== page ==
Steps Nonprofits Can Take to Identify Cultural Fit when Recruiting

By Miecha Forbes

Miecha Forbes
Your recruiting team may have read a stack of resumes, assessed functional skills, and conducted countless interviews to find the perfect person for the job, but it may not have thought about how to effectively evaluate whether your candidate will fit into your organization.

Simply put, cultural fit is often not properly assessed in the nonprofit recruiting process.

According to the Accounting Principles blog, 89% of hiring failures are the result of a poor cultural fit, and the cost of replacing such an employee will cost your nonprofit 20% of the employee’s annual salary. Although these statistics point to the importance of cultural fit, it’s often not clear how to incorporate and evaluate it during the hiring process.

Here are some simple and effective steps your nonprofit can take to identify the right cultural fit when searching for the perfect candidate.

1) Define your nonprofit’s culture.

Before beginning the interview process, ensure that you have a good understanding of your nonprofit’s culture and values.

Organizations often set out to find a perfect fit for an open position, without giving much thought to what the culture of their nonprofit is, how to articulate it to candidates, and what qualities a candidate would need to exhibit in order to thrive. If there is a question as to what your culture is, or if you haven’t taken the time to formally write it down, take time to do so now. Be sure to explain why your culture is valuable and how it may be different from other nonprofits.

2) Begin assessing at the very beginning, and continue to evaluate throughout.

Many nonprofit organizations do not begin to assess cultural fit until well into the middle or end of the interview process, if at all.

Cultural fit should be evaluated throughout the entire interview process. Even in the initial phone interview, the question —What type of culture do you thrive in?—should be asked. Listen carefully to the response. Does the candidate’s response fit into what you have identified to be your nonprofit’s culture?

It often takes more than a couple of questions and interviews to determine if a candidate is going to fit into your organization’s culture. Some questions to ask candidates: What culture do you thrive in? How would you describe our culture based on what you’ve seen? Is this something that works for you? How do you envision yourself as a culture carrier? Or, what best practices would you bring with you from another organization with a healthy culture? Do you see yourself being able to implement these best practices in our environment?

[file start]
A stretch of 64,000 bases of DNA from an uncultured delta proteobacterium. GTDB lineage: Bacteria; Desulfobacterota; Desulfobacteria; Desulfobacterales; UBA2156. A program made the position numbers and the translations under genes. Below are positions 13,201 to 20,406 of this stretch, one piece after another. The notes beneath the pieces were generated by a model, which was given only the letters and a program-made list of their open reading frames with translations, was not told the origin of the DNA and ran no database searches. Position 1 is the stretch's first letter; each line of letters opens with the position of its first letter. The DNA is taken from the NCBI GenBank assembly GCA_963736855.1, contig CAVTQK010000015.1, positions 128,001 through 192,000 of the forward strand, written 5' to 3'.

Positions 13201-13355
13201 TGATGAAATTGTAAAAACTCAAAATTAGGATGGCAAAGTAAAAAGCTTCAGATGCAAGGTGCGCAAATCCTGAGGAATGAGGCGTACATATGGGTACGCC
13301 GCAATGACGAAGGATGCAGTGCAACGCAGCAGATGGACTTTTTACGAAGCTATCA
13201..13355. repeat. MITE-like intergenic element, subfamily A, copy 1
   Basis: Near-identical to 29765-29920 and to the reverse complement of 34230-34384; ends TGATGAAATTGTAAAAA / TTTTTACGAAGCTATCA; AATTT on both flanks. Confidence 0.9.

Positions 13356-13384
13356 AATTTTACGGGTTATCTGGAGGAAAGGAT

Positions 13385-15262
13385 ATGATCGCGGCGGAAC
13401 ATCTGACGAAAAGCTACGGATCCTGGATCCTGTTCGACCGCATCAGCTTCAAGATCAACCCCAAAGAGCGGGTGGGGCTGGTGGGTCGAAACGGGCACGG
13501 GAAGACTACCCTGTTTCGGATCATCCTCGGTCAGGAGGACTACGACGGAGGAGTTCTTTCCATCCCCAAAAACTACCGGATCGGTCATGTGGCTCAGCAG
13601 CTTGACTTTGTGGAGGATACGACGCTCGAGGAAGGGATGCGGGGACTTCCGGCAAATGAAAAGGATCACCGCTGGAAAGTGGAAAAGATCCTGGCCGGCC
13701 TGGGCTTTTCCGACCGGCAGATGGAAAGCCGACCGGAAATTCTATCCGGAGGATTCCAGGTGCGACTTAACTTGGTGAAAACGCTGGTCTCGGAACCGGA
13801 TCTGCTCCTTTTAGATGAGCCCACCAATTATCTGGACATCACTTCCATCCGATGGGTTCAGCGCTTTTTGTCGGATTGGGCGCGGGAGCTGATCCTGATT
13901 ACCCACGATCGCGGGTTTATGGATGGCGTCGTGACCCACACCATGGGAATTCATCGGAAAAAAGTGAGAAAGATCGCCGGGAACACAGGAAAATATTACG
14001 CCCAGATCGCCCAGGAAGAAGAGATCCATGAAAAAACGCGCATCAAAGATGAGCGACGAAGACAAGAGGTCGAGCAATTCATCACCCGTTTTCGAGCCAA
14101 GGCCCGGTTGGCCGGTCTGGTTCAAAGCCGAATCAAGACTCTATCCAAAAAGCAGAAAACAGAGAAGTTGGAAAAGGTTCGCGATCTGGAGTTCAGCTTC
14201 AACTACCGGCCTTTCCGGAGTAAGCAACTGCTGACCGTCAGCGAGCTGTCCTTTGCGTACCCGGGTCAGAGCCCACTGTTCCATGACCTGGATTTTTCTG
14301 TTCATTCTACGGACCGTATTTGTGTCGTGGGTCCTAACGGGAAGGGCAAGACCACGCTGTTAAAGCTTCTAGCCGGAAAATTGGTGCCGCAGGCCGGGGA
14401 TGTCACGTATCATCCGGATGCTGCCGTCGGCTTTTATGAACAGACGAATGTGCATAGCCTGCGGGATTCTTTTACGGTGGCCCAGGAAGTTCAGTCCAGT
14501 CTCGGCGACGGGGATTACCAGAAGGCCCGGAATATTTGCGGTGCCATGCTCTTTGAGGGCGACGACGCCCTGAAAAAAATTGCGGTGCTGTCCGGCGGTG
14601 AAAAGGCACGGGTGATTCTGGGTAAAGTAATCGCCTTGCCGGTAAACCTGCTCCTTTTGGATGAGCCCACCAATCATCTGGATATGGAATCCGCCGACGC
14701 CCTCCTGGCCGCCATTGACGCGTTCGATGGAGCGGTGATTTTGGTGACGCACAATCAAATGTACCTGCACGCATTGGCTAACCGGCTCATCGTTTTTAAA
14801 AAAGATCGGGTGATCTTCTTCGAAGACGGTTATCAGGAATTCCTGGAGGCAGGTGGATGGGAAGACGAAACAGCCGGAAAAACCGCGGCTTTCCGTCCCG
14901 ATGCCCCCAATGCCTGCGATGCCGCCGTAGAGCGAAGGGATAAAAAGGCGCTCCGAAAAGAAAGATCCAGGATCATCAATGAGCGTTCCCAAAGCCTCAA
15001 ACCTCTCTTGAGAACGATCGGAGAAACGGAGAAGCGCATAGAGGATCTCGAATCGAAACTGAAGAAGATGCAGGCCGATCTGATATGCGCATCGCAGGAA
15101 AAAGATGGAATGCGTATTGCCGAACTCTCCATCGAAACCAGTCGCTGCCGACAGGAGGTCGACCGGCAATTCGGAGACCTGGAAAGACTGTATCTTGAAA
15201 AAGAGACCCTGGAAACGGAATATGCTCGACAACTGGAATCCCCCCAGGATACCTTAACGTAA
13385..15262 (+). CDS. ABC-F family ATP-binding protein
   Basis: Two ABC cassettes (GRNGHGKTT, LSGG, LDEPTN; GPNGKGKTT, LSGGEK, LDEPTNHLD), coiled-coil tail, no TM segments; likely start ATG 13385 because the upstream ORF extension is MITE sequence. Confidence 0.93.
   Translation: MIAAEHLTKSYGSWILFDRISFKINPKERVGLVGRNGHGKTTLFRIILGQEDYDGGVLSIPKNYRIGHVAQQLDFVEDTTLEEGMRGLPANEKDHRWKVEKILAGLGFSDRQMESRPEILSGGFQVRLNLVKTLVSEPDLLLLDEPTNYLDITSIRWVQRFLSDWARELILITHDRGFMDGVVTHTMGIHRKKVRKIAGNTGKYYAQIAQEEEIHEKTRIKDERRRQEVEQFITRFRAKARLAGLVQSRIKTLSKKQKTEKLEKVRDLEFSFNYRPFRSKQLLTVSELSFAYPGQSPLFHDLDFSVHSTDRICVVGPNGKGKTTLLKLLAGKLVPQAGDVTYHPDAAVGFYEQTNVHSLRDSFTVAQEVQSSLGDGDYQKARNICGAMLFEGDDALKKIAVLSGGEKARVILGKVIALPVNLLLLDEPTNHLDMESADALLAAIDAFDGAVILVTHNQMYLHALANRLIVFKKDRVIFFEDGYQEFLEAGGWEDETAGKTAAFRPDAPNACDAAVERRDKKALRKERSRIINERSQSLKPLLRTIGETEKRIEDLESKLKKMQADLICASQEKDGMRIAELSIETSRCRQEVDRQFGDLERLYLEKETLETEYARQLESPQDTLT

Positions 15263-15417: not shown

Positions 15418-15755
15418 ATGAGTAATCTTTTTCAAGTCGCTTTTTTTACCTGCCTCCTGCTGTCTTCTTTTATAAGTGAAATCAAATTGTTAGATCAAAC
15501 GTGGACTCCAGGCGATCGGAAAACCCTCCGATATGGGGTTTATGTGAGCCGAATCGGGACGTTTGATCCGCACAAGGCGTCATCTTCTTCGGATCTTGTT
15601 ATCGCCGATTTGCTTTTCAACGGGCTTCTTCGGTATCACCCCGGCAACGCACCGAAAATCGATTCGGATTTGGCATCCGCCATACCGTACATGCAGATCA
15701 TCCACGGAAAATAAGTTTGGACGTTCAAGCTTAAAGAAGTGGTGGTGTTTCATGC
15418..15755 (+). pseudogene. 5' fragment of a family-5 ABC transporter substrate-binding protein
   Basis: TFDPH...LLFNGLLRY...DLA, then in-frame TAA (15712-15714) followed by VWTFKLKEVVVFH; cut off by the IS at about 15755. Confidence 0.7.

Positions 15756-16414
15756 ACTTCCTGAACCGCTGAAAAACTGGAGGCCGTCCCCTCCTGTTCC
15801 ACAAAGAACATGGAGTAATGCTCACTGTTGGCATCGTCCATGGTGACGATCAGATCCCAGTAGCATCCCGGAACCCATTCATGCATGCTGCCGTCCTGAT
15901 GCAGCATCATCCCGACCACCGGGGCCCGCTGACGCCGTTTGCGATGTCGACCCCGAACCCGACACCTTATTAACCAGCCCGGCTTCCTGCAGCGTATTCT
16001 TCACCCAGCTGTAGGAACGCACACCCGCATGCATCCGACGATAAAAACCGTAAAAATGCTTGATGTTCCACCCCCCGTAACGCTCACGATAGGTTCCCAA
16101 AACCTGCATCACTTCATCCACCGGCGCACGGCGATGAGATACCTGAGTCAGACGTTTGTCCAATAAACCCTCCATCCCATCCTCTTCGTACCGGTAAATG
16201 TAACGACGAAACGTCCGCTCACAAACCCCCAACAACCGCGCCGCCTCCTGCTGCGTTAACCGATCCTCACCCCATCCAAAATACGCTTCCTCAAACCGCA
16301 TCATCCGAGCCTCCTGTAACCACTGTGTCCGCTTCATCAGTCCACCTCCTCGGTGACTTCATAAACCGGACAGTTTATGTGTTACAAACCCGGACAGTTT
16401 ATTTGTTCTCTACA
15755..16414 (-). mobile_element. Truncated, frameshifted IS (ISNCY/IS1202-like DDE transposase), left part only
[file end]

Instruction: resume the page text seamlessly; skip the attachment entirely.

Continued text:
3) Use the interview as an opportunity to immerse the candidate into the culture.

People have a tendency to forget that the interview can be used as an opportunity to provide the candidate with a tangible look into the feel of your organization.

Many job interviews are held in the same location, and typically only allow the candidate to meet up to three interviewers from the nonprofit. Think of ways your interview can provide the candidate with a bigger picture of what it would actually be like to work in your organization on a day-to-day basis. Give candidates a tour of your nonprofit, letting them see how other employees interact with one another and enabling them to determine if they see themselves fitting into your organization’s culture.

4) Build culture into your evaluation rubric.

It behooves all nonprofits to build culture into the interview process evaluation rubric.

Although cultural fit should be evaluated throughout the entire interview process, it’s a good idea to devote at least one portion of the interview rubric to culture fit. An effective time to do this is during the day-long final interview day that often occurs toward the end of the interview process. Be sure there is at least one interview devoted entirely to culture fit and values, and have a rating process on hand that evaluates the candidate’s responses to these questions.

5) Make cultural fit part of an assignment.

During many interview processes, job candidates are assigned an activity or thought exercise project that is evaluated by the interviewers or the hiring manager.

Many of these activities lean heavily on function, but do not access culture or values of the candidate. Instead, make culture fit, part the assignment. Ask candidates to put some thought into your nonprofit’s culture and reflect on what they have seen. Consider asking candidates to create a PowerPoint deck that explains the culture and values of the organization. This project ensures candidates have put some time into thinking about the culture of your organization, and allows them to produce a tangible product that shows their thinking around this topic.

Follow these steps, and your recruiting team will be more likely to find a candidate that has the right skills and cultural fit for your nonprofit, saving you a lot of time, hassle, and money.

Miecha Forbes is vice president for people, culture, and values at Koya Leadership Partners, a national executive search and consulting firm working with the nonprofit sector to achieve social and lasting change. Email her at

December 2014